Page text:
It's time to get your pirouette on! From September 5th to September 30th, we're hosting a contest to find out who's the best turner of them all.
Put together your most impressive turning combo. Post a video online. Share your turns with us and thousands of other dancers around the world. And if our editors think you're the top turner, you'll win a fabulous prize.
All of 18-year-old Kaylin Maggard's dreams—from scoring the title of National Senior Outstanding Dancer at New York City Dance Alliance Nationals to winning the 2017 Dance Spirit Cover Model Search—are coming true. And to anyone who knows the gorgeous contemporary dancer, that's no surprise.
From the moment the Dance Spirit staff met Kaylin, it was obvious her humility and talent would take her far. Not only did she go full-out during the photo shoot and class at Broadway Dance Center, but she was always cheering on, laughing with, and supporting her fellow CMS contestants Haley Hartsfield and Michelle Quiner. During the voting period, the social media world was abuzz with praise for her work ethic, positive attitude, and generosity.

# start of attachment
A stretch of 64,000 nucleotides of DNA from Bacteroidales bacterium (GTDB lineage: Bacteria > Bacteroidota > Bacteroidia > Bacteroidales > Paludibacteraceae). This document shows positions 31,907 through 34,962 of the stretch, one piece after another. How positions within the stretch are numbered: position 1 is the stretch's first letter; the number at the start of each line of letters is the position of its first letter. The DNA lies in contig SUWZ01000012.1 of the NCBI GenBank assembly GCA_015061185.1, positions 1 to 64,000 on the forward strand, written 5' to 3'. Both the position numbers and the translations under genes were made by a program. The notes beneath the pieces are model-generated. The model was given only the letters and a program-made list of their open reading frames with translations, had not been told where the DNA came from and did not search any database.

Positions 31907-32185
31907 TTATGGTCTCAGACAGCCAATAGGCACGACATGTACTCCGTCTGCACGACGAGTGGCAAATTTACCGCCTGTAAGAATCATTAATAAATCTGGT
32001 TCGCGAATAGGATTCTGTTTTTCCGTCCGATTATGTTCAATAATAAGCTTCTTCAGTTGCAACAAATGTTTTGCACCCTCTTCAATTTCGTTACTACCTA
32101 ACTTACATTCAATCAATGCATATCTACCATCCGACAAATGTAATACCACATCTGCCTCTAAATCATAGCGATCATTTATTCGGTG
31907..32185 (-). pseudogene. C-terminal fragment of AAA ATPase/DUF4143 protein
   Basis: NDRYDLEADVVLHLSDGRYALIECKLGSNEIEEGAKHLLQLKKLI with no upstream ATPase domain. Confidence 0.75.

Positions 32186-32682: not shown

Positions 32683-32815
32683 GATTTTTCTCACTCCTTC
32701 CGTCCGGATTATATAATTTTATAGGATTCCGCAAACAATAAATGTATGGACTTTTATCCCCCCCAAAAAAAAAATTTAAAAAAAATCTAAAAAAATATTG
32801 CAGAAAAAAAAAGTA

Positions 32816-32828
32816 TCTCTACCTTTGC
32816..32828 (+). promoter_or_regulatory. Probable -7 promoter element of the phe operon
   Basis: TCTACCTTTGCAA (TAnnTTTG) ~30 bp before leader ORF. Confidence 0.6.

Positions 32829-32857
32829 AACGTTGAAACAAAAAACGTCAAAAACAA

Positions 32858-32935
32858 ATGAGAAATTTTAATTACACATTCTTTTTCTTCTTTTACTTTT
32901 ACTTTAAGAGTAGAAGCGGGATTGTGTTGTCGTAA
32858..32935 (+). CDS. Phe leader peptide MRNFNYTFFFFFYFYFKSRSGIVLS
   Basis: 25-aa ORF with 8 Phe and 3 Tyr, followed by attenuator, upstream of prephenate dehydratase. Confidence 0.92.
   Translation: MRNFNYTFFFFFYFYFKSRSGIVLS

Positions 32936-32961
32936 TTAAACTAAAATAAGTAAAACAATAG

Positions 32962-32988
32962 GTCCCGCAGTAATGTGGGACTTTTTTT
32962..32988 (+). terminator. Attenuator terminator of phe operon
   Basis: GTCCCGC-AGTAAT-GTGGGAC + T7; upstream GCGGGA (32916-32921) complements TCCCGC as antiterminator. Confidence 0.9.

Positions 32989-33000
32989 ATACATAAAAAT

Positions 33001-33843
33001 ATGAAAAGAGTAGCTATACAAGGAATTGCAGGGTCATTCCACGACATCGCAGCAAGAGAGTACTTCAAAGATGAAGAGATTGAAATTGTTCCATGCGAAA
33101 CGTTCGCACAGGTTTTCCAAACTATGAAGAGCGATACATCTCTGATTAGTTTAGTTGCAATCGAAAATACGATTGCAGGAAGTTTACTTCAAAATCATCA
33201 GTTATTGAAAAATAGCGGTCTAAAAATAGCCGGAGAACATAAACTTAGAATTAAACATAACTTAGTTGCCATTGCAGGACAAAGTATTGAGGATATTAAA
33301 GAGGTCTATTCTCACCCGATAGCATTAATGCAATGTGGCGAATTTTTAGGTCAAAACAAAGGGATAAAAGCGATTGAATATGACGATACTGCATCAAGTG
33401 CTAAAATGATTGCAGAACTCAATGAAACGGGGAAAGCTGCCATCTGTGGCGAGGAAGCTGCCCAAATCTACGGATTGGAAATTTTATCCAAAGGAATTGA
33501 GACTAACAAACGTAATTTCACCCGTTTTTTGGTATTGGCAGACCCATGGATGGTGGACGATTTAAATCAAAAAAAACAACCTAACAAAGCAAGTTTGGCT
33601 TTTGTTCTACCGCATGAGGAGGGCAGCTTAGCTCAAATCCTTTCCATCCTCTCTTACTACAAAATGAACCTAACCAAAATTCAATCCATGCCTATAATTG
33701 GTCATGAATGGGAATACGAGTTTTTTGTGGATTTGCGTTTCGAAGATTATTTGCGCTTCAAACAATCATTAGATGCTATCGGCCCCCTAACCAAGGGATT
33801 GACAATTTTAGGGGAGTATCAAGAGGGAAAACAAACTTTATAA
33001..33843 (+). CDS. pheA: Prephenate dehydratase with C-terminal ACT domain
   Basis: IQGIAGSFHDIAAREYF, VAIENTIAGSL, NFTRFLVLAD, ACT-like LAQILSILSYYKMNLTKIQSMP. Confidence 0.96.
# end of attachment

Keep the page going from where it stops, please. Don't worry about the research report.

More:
Since her CMS trip to NYC, Kaylin's moved from her hometown of Columbia, MO, to the Big Apple for her freshman year at Juilliard, and is busy getting acquainted with the city. As for the future? She's taking it one opportunity at a time, but something tells us we'll be seeing this contemporary queen reach new heights every year.
New York City principal Lauren Lovette has become an icon thanks to her emotional maturity and exceptional musicality. The 26-year-old quickly rose through the ranks after joining the company as an apprentice in 2009, reaching principal status in 2015. A Thousand Oaks, CA, native, Lovette started studying ballet seriously at age 11, at the Cary Ballet Conservatory in Cary, NC. After attending two summer courses at the School of American Ballet, she enrolled as a full-time student in 2006. Last year, she made her choreographic debut with For Clara, her first piece for NYCB. Catch her latest work this month during the company's fall season. —Courtney Bowers